From PNoy to Marcos: Duterte’s DOJ chief takes on new role as SolGen

Mike Navallo, ABS-CBN News

Posted at Jun 17 2022 05:00 PM

 Guevarra calls appointment “the hand of God at work”

Justice Secretary Menardo Guevarra shares his remarks with President Rodrigo Roa Duterte during a meeting with key government officials at the Malacañan Palace on Jan. 4, 2022. Alberto Alcain, Presidential Photo
Justice Secretary Menardo Guevarra shares his remarks with President Rodrigo Roa Duterte during a meeting with key government officials at the Malacañan Palace on Jan. 4, 2022. Alberto Alcain, Presidential Photo

 

MANILA — After serving in 2 administrations, outgoing Justice Secretary Menardo Guevarra is not leaving the government just yet.

The team of President-elect Ferdinand “Bongbong” Marcos, Jr. announced on Friday that Guevarra accepted his nomination as Solicitor-General-designate in the new administration — giving him the opportunity to serve under 3 presidents. 

Acknowledging his appointment, Guevarra revealed to reporters Friday he was previously offered both the justice secretary and solicitor general positions.

“Ten years ago I was offered both the SOJ and OSG positions. Maybe the time wasn’t ripe then. Now everything’s coming back to me. It’s the hand of God at work. Ecclesiastes,” he said.

“The SOJ is very high-profile and has more administrative work, supervising many attached agencies. The SolGen position, I thought, better suited me. Because I had been in law firm practice for 25 years,” he added.

THREE ADMINISTRATIONS, DIFFERENT POSITIONS

Guevarra, 68, first served as a member of the Truth Commission established by the late President Benigno Aquino III in 2010, but the Supreme Court declared it unconstitutional in 2011.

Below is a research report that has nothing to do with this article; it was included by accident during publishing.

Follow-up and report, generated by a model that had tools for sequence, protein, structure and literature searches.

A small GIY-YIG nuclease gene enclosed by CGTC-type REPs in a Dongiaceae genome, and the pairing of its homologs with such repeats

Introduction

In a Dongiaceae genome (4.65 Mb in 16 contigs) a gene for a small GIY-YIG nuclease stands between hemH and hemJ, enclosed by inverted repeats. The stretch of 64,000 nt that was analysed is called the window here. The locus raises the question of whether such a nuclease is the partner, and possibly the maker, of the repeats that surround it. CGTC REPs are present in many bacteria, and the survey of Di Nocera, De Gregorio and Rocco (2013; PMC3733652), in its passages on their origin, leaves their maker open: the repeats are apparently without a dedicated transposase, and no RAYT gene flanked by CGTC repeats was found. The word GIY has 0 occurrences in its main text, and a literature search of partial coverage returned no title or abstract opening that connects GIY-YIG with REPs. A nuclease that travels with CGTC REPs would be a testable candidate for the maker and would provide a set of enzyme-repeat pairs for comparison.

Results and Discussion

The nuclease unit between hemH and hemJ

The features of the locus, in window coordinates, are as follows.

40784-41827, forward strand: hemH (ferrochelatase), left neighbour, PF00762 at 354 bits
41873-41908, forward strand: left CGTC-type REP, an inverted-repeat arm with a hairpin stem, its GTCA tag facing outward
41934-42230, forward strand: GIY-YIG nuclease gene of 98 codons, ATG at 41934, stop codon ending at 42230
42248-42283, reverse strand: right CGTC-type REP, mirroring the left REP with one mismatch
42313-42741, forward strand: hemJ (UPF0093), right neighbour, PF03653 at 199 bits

He rejoined the PNoy administration as deputy executive secretary for legal affairs in May 2015 and as a commissioner of the Philippine Competition Commission in February 2016. 

He was part of the Philippine legal team in the arbitration case the country filed against China at the Permanent Court of Arbitration in The Hague, Netherlands. This led to the arbitral award in favor of the Manila over the West Philippine Sea.

In June 2016, he joined the administration of President Rodrigo Duterte as senior deputy executive secretary before being appointed justice secretary in April 2018.

Guevarra, whose academic credentials included graduating with honors in both his political science and law degrees at the Ateneo, also holds a masters degree in economics from the University of the Philippines.

Prior to joining the government, his work experience ranged from stints at the National Economic and Development Authority and the Central Bank to his private law practice as associate at the Ponce Enrile Cayetano Bautista Picazo & Reyes (PECABAR) Law Offices, and his own law firm, Medialdea Ata Bello Guevarra & Suarez offices.

He also taught various law subjects.

 GUEVARRA’S PERFORMANCE AS JUSTICE SECRETARY

Guevarra’s appointment to the Department of Justice in April 2018 came on the heels of the resignation of its then head, Vitaliano Aguirre II, who figured in a number of controversies. 

These included the DOJ panel of prosecutor’s resolution to dismiss drug charges against Kerwin Espinosa and Peter Lim, Aguirre's involvement in the Bureau of Immigration bribery scandal, and the P6.4-billion shabu shipment that slipped past the Bureau of Customs in 2016.

Guevarra vowed to restore the “dignified and respectable image” of the DOJ when he stepped into office.

But his term was also rocked by its own controversies.